By Cristina Mestre
It’s not just cold outside, but the days are also
short. So it’s not unusual to have a
case of the winter blues. But if you’re
really feeling down and depressed, you could be suffering from seasonal
affective disorder (SAD)
SAD is directly related to a decrease in sunlight during the
winter which can disrupt our bodies’ internal clock and cause us to feel
depressed. Fewer men are diagnosed with SAD than women, who make up 60 to 90
percent of SAD patients. In some cases,
SAD sufferers exhibit hibernation-like behaviors such as avoiding the outside,
as well as eating and sleeping more.
While antidepressants and increased exercise may help in
some cases, there is an alternative treatment that is proving extremely
effective: light therapy. Research has shown that light therapy can be used not
just for SAD, but also for treating non-seasonal mood disorders (major depressive
disorder or depression in pregnancy), the effects of jet lag or shift work, and
UPMC psychiatrist Dorothy Sit, M.D., notes that while early evidence
is promising, we still don’t know enough about the effectiveness of light
therapy for patients with bipolar disorder. She and her colleagues are conducting a study
examining the antidepressant effects of
light therapy to improve mood symptoms and circadian rhythms in depressed women
and men (ages 18-75) with bipolar disorder.
According to Dr. Sit, light therapy can generally be used to
alleviate a range of mood symptoms, sleep problems, and circadian (daily) rhythm
disturbances. Recent research found depressed patients
in brightly lit wards left the hospital approximately three days earlier than
those in darker wards, and a coronary ICU patient group with sunny rooms was
associated with a lowered mortality rate, she said.
How it might work: light or darkness provides signals to the
brain which promote sleep or wakefulness through effects on the hormone melatonin
that helps regulate sleep. Darkness
(twilight) prompts the brain to produce melatonin which makes us feel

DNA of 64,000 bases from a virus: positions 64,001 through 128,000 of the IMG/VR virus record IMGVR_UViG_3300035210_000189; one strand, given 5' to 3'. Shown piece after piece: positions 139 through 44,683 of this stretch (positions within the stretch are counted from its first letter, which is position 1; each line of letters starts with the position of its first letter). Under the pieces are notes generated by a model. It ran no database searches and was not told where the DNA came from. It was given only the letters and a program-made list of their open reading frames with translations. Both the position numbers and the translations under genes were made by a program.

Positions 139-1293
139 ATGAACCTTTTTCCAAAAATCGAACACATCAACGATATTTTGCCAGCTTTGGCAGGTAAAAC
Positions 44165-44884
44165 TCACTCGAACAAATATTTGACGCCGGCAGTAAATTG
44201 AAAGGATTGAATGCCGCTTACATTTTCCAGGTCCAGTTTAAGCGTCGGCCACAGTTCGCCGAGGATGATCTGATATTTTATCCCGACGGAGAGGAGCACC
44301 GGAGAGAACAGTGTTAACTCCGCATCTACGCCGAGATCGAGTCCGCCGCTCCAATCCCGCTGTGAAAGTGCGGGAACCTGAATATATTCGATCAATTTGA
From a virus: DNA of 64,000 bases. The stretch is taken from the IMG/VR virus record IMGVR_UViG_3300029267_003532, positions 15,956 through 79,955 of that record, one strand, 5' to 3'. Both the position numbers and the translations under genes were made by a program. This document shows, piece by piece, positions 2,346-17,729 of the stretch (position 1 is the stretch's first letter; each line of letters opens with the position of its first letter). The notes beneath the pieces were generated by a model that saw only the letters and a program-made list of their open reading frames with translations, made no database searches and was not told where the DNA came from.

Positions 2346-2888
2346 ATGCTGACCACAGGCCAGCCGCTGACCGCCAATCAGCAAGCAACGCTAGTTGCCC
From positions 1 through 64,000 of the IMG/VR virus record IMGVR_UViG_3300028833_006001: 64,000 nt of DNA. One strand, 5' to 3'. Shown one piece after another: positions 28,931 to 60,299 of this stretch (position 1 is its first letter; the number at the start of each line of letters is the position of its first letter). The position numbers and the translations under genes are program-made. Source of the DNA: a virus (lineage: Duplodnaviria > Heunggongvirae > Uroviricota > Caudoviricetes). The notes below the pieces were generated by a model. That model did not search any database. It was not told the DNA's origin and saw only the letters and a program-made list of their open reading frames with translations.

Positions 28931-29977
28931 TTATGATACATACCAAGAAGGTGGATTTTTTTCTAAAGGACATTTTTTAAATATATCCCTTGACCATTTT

sleepy. In contrast, morning light
prompts the brain to stop producing melatonin which helps us to wake up. We
need a minimum of 1,000 “lux,” a measurement that represents the level of
illumination, to synchronize our daily rhythms, but home or office lighting provides
only 50-300 lux. For SAD, the
recommended light box is a broad spectrum unit that filters out harmful UV rays
that cause skin cancer. The usual dose
is ~7000-10,000 lux for 45 minutes every morning, soon after you wake up.
Yet the time
of day we receive this light
is key. For example, if we have too much light at
night (especially blue-screened light from computers and mobile devices!) it
can throw off our bodies’ internal clock. But light also can affect attention/alertness,
memory, and our sensory processes.
As Dr. Sit explains, scientists still do not fully understand
the connection between light and mood.
Light can improve mood from indirect effects that promote stable
circadian rhythms. Or, light might improve
serotonin signaling in brain pathways which can alleviate depression and
restore a healthy mood state.
For patients who think they might have SAD, a proper
evaluation should come first. This is
very important because doctors do not recommend light therapy for some
conditions. Plus, other conditions symptoms
that are similar to depression (such as hypothyroidism) will need to be ruled
out. Moreover, SAD symptoms can be very similar to symptoms of bipolar
disorder, also known as manic depression.
During the course of light therapy for SAD, Sit recommends a
physician or informed provider such as a therapist provides close and careful
monitoring for adverse effects during the first two months of treatment.